armenian_church.jpgFirst of all, I don’t know what is wrong with me. I live in Israel and yet come December, I’ve still got Christmas tunes stuck in my head. You can take the girl out of America….

In any case, I joined my flatmate Rebecca and her Hebrew U class on a tour of the Old City’s Armenian quarter.

I’ve been casually fascinated by Armenians since reading a particular article about them in National Geographic a few years back (excerpt available here), mostly because of all the things they have in common, historically and socially, with Jews.

We are both an ancient people with a profoundly strong sense of memory. We both have a religion that is central to our peoplehood. We both suffered a cold and calculated 20th century genocide that killed roughly a third of our already small numbers (Armenians number about 7-8 million). Despite our small numbers, we have achieved notable success in many fields, and love flaunting it. Food is central to life and any social event. We both have most of our populations living in the Diaspora and both are fighting to stem the tide of Assimilation and preserve our own rich heritages.

Socially, just take a look at this “You might be Armenian if….” Quiz and tell me how many are just as true for Jews, especially Sephardic ones.

And I won’t even mention the huge Magen David at the top of the Armenian Church of St. James, as you can see in my photo above.

In any case, deep inside the Armenian quarter has got to be one of the cleanest and quietest parts of The Old City. I barely believed I was still in Jerusalem, for where had the ubiquitous trash smell and all the stay cats disappeared to?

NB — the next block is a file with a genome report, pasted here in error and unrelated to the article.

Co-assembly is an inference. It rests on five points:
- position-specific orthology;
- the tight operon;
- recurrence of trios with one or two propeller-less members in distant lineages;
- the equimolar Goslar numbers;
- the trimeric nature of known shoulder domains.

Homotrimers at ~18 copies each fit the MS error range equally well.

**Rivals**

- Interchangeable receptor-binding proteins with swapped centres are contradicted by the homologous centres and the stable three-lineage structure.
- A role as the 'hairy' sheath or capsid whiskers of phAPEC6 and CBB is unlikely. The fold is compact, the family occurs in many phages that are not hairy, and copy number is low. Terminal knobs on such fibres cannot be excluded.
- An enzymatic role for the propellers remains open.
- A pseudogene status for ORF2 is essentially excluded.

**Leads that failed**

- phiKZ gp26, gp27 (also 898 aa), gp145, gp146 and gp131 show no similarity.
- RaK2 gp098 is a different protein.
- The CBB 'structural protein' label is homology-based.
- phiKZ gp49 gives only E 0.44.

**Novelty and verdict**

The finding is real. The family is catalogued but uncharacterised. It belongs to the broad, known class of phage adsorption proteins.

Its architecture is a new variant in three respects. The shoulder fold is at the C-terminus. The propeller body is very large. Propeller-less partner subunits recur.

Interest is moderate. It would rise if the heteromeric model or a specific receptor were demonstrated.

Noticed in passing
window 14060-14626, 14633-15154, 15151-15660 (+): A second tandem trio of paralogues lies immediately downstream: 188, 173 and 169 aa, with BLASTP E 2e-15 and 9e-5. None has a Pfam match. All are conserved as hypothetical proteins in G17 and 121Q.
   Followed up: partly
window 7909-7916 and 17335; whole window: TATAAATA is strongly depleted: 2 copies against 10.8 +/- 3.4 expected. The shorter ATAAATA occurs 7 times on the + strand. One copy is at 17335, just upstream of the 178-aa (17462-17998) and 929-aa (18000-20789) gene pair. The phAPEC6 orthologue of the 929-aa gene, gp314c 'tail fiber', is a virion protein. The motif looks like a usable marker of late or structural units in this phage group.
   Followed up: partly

I guess they’ve figured it out by now. They have had a presence in Jerusalem for over 500 years, and they are the third biggest property holder in Israel. Go figure.

In any case, enough about Armenians, although I could go on and on. It’s almost time for Latkes.

About the author

Laya Millman


  • I have a total soft spot for the Armenians. The only grandfather I ever knew was my grandmother’s 3rd husband (my real grandfather died before I was born) and he was a Russian Armenian, Stephan Zazunian. How he came to America and wound up with an assimilated Yekke from Birmingham Alabama I’ll never know, but, hey, life is strange.

    He made the best, and I mean THE BEST shish kabob ever.

    This is the best story about him, though: he was from Russian Armenia and very Russified, so he spoke no Armenian. His first wife was from Turkish Armenia, and she spoke Armenian and Turkish, but no Russian. So they communicated in French! Unbelievably cool.

    Kinda weird growing up with not one but two Holocausts hovering around in the background. He never spoke about it, and I don’t know how it affected him, since he was from the Russian side, but I have always known about the Armenian genocide, so it must have been spoken about at some point.

    I want to take the quiz, Laya. But there’s no link.

  • Great post, great picture. I could probably go on for hours about my crush on Atom Egoyan, but I’ll spare y’all.

  • The early 20th-C. monk-composer, Komitas, wrote music fully equal to the great church architecture– check out the recording of the Divine Liturgy on New Albion records.

  • May as well plug Tigran Mansurian, too, Armenia’s foremost living composer. ECM’s put out several of his records; the string quartets are terrific, written in a conservative idiom and highly listenable.

    I wonder why the Armenian diaspora hasn’t seemed to have come through for present-day Armenia. Wouldn’t you think that, of all the post-Soviet states, the Armenians would have as good a chance as any of prosperity? Yet the country’s really struggling.

  • And their cathedral ceiling definitely has a Star of David on it! I think that we should dub Armenians our honorary 13th tribe! 🙂

  • This all made sense until Yoseph Crack’s, uh, crack. I don’t understand it?